On a small folding table in the back behind the last row of chairs, we had a MacBook Pro, the ATEM Mini Pro, two Atomos recorder/monitors and a Soundcraft Ui24R audio mixer manned by Stacy. The front camera fed one of the recorders, and we looped that feed through to the ATEM Mini Pro, with the second recorder recording the switcher’s HDMI program feed. We also locally recorded on both cameras for a belt-and-suspenders backup. We ran the mics through the audio mixer controlled by a Microsoft Surface touchpad, and the audio mix was fed via XLR into the front camera to embed the audio in sync with the switcher. The ATEM Mini Pro’s USB output, which works like a webcam, fed the final program to Zoom.

We took an HDMI out of the MacBook Pro and fed a 24-inch monitor on a light stand up by the front camera position, so the bride and groom could see all their virtual guests. We fed a Roland speaker by the monitor as well.

An Interactive Wedding

The maximum of 100 Zoom participants watched throughout the wedding, cake cutting and first dances. 

One of the most special moments for me was when the bride and groom walked over to the front camera, next to the monitor, and directly interacted with their virtual guests. They thanked them for watching the ceremony, alerted them to what was coming up next and acted as hosts. That two-way interaction truly made a virtual Zoom ceremony the right choice. 

About ChiliDog Pictures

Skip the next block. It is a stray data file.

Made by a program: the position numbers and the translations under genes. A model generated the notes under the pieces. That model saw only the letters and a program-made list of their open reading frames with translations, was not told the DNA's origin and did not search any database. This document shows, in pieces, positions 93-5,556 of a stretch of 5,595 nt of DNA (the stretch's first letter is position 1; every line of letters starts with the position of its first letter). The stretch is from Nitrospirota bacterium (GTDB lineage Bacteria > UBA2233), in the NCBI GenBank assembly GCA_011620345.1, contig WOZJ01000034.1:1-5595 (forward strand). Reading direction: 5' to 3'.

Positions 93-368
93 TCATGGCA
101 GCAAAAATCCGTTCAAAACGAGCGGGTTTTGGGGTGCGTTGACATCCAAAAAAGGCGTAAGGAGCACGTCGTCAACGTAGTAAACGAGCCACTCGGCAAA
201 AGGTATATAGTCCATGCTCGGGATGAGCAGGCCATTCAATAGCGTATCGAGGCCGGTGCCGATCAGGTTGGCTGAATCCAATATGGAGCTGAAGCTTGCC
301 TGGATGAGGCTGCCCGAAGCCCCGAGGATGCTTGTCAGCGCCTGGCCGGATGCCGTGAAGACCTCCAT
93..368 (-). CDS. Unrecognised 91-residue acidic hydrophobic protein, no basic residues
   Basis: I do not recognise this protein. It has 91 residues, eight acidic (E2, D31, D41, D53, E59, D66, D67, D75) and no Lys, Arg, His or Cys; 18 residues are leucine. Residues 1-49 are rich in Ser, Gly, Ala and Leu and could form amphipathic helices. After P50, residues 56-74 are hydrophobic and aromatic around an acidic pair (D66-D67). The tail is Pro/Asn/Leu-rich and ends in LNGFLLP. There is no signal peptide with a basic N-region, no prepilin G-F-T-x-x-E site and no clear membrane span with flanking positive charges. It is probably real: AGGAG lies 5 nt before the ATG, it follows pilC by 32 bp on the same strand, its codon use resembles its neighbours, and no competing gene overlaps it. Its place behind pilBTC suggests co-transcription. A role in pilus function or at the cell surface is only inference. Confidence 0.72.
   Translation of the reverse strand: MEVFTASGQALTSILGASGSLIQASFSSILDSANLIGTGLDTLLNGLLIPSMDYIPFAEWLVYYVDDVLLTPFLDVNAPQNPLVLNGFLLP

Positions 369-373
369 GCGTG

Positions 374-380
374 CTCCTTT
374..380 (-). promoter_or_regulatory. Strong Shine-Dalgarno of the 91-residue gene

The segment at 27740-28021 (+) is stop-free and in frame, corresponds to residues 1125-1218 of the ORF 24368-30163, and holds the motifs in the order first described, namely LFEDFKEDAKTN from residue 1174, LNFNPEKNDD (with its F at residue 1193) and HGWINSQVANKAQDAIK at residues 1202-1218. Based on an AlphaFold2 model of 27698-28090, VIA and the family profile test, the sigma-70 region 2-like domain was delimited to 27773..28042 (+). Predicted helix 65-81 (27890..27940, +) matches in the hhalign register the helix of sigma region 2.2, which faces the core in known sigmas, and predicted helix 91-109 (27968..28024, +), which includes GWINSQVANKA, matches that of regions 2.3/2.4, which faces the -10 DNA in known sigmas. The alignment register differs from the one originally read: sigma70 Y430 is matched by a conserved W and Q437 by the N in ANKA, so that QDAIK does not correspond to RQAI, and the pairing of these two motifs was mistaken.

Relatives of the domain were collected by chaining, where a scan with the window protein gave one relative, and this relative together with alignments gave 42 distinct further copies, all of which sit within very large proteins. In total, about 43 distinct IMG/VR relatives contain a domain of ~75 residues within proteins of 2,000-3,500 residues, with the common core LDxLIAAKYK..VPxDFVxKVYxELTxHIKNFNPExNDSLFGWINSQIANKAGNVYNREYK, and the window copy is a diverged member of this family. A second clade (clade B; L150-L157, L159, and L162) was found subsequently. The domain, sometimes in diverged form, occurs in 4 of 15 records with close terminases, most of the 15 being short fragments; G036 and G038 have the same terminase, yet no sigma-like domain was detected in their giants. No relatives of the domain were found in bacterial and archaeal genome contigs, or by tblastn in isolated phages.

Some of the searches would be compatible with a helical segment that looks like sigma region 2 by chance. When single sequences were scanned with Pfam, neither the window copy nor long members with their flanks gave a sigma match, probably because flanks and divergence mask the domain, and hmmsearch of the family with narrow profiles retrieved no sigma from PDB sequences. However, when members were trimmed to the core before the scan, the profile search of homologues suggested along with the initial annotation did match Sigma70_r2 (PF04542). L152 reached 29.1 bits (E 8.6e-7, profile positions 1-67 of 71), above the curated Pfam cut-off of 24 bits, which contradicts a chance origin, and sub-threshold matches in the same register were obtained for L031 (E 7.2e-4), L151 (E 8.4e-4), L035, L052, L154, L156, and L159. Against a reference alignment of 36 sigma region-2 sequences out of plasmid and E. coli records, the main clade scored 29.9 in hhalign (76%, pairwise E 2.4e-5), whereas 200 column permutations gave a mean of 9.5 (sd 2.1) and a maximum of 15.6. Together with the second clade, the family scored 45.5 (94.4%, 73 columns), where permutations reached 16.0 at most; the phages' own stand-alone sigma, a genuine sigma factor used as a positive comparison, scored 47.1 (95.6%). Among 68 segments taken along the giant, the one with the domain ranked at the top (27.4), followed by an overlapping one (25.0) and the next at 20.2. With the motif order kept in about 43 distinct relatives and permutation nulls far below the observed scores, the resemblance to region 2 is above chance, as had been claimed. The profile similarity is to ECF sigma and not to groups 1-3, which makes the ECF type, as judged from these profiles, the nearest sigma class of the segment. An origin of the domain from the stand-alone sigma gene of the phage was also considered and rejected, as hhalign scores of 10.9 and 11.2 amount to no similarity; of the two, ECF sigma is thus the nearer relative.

ChiliDog Pictures started in 2010 with the friendship and synergy of Glenn Hartong and Stacy Doose already decades in the making. Both love producing amazing experiences; both have decades of award-winning professional video production experience; and both have Emmys.

Blending their talents dovetails into a unique quality product – taking the best visual aesthetics and expert editing and combining them into an absolutely stunning, award-winning package able to best tell a story.

About Glenn Hartong 

Glenn Hartong is an Emmy Award-winning producer, director and editor. He was a photojournalist and video producer with The Enquirer and for 26 years. He is currently a partner and Director of Photography at ChiliDog Pictures, a video production company specializing in narrative video for non-profits and businesses.

He has been published in National Geographic, Life, Time, Newsweek, The New York Times, The Washington Post, USA Today, The Times of London, Paris Match and Stern (Germany).

His video work has appeared on ABC, CBS, CNN, CNBC, NBC, ESPN, NBC, PBS, Deutsche Welle and France24. He is a contract producer for special projects for WCPO-TV. He has travelled internationally on assignment to Vietnam, Bosnia and Nigeria.

He has been a photojournalism instructor at Miami University in Oxford and has lectured at Vanderbilt University, Ohio University, Kent State University, University of Cincinnati, University of Dayton, Western Kentucky University and Wright State University.

Glenn lives with his wife Malinda and their dogs Laney and Josie in Springfield Township.